HMI claims the issue in the 1978 Case is the same as the current litigation because it deals with HMI's ability to exclusively use the Meliá name within Puerto Rico. ( See Docket No. 66 at 7–9.) Dorpan argues the issue in the current litigation is different because Dorpan owns several federal trademarks to the Meliá name making the litigation a trademark dispute as opposed to a suit regarding ownership of the name through continuous use. ( See Docket No. 64 at 12.) While the parties approach this dispute differently than the 1978 Case, the underlying dispute is the same in that HMI asserts it has the exclusive right to use the name Meliá in conjunction with hotels in Puerto Rico. DSD also claims it has the right to use the name Meliá. Even though the legal considerations may be different at the present time, the issue is the same: the right to use the Meliá name. Accordingly, the court finds this element of issue preclusion has been met.
3. Issue Actually Litigated
The parties next dispute whether these issues were actually litigated in the 1978 Case. The judgment in the 1978 Case was a default judgment and usually default judgments may not be used for estoppel purposes. See N. Atl. Distrib., Inc. v. Teamsters Local Union No. 430, 497 F.Supp.2d 315, 320 (D.R.I.2007) (holding federal law does not allow default judgment to have preclusive effect for collateral estoppel). However, some exceptions exist to this general rule that allow the court to give preclusive effects if the interests of fairness so require. See Dein Host, Inc. v. Pignato, 86 B.R. 318, 323 (D.N.H.1988) (holding court may give preclusive effects to issues determined in default judgment if issues raised, but not litigated). However, even in such circumstances a strong presumption against preclusion exists. See id.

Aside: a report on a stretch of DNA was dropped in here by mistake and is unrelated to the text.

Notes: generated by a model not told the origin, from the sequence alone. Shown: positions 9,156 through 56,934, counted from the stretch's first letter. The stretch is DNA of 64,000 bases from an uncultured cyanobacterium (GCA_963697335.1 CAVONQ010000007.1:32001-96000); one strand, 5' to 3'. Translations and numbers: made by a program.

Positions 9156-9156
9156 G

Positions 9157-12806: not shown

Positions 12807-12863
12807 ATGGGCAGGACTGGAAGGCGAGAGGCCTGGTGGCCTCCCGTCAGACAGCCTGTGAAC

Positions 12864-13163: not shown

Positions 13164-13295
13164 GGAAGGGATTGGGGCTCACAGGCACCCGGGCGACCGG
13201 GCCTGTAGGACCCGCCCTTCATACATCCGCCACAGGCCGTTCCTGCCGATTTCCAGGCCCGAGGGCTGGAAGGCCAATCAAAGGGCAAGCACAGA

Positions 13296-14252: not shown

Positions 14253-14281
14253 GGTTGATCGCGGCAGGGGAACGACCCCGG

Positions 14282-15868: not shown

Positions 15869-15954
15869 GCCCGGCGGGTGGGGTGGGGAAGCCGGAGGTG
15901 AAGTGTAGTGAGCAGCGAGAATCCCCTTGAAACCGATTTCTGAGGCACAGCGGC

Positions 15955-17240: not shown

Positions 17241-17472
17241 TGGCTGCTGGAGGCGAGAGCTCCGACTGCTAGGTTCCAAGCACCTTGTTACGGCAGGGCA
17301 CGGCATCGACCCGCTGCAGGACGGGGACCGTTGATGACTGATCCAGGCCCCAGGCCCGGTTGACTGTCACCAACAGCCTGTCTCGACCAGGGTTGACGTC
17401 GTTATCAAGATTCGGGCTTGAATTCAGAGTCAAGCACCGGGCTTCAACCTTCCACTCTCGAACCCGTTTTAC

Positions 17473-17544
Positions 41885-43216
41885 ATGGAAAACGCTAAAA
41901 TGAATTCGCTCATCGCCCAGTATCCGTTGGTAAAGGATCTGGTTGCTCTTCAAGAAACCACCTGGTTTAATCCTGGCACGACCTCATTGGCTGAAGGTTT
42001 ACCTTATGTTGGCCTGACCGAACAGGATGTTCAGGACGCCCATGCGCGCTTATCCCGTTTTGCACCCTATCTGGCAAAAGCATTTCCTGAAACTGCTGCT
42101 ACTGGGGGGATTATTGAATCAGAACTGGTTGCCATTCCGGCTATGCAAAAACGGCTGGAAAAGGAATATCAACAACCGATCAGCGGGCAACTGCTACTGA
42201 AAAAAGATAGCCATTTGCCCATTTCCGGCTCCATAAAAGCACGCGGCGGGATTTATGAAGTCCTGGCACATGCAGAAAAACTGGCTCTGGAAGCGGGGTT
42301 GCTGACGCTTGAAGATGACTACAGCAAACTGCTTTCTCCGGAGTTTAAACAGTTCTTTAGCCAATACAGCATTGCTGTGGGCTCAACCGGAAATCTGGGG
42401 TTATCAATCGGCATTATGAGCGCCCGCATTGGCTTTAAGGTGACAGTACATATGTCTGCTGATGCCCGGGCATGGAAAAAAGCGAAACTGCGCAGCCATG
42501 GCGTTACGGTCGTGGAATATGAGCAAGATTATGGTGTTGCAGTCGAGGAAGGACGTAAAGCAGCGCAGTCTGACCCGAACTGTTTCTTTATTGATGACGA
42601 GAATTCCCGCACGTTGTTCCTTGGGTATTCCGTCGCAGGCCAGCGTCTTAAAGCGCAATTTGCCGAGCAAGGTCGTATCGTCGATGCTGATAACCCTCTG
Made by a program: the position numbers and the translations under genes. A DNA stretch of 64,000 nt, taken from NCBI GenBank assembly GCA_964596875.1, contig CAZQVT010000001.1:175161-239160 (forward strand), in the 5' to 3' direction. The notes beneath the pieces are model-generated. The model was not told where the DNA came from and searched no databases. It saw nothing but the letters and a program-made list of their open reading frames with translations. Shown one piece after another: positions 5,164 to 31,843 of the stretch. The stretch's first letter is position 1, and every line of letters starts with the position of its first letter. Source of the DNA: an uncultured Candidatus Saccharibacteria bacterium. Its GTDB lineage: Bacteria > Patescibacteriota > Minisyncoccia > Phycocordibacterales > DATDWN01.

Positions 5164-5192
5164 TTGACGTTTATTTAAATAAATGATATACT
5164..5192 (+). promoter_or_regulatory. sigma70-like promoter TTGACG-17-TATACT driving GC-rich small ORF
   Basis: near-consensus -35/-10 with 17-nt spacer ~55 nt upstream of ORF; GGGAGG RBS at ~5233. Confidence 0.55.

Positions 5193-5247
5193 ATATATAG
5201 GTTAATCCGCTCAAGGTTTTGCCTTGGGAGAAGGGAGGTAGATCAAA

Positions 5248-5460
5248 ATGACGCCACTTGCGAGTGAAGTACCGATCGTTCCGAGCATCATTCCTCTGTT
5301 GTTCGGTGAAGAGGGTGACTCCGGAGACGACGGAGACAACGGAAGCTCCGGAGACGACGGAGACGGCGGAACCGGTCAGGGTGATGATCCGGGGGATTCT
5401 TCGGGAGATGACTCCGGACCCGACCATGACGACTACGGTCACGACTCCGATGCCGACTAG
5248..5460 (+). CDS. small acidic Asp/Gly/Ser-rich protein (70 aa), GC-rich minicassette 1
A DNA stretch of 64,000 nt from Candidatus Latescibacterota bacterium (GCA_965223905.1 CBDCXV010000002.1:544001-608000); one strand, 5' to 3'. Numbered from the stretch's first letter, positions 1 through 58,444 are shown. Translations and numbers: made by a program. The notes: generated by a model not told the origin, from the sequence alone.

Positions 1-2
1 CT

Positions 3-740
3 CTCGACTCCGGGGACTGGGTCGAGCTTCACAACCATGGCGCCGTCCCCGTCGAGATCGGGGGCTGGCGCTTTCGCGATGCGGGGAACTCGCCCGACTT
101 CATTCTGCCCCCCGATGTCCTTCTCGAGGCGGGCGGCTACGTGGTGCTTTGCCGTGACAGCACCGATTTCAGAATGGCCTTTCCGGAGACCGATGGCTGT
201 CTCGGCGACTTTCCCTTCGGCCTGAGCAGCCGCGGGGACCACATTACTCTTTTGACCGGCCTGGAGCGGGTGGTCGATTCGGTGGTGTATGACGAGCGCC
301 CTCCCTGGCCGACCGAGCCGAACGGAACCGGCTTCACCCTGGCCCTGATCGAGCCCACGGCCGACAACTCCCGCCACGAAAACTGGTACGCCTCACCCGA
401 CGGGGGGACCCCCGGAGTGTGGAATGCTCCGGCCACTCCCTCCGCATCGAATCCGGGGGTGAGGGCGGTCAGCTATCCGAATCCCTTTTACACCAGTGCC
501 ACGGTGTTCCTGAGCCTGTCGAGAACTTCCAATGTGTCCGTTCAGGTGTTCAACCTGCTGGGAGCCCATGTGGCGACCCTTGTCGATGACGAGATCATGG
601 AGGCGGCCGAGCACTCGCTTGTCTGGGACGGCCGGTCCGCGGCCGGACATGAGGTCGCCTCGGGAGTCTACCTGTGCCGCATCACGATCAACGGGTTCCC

In this case, the parties agree the 1978 Case resulted in a default judgment. HMI contends that regardless of the default judgment, issue preclusion should apply in this case because Inmobiliaria answered the complaint and participated in some discovery before failing to show up for the hearing. ( See Docket No. 47 at 8.) This fact does not require the court to give the 1978 Case preclusive effect over the current matter. First, there is no evidence to show the issue was previously litigated. Even assuming Inmobiliaria did participate in some discovery, there is not showing in what, if any, adversarial proceedings or hearings Inmobiliaria participated. Secondly, for the exception to apply, HMI must demonstrate the unfairness it would bear if the court did not give preclusive effects to the prior judgment. HMI does not make such a showing. If the circumstances were different this exceptionmight be applicable, but under the current facts, the court finds the issue was not actually litigated in the 1978 Case and there is no unfairness in not giving preclusive effects to that judgment.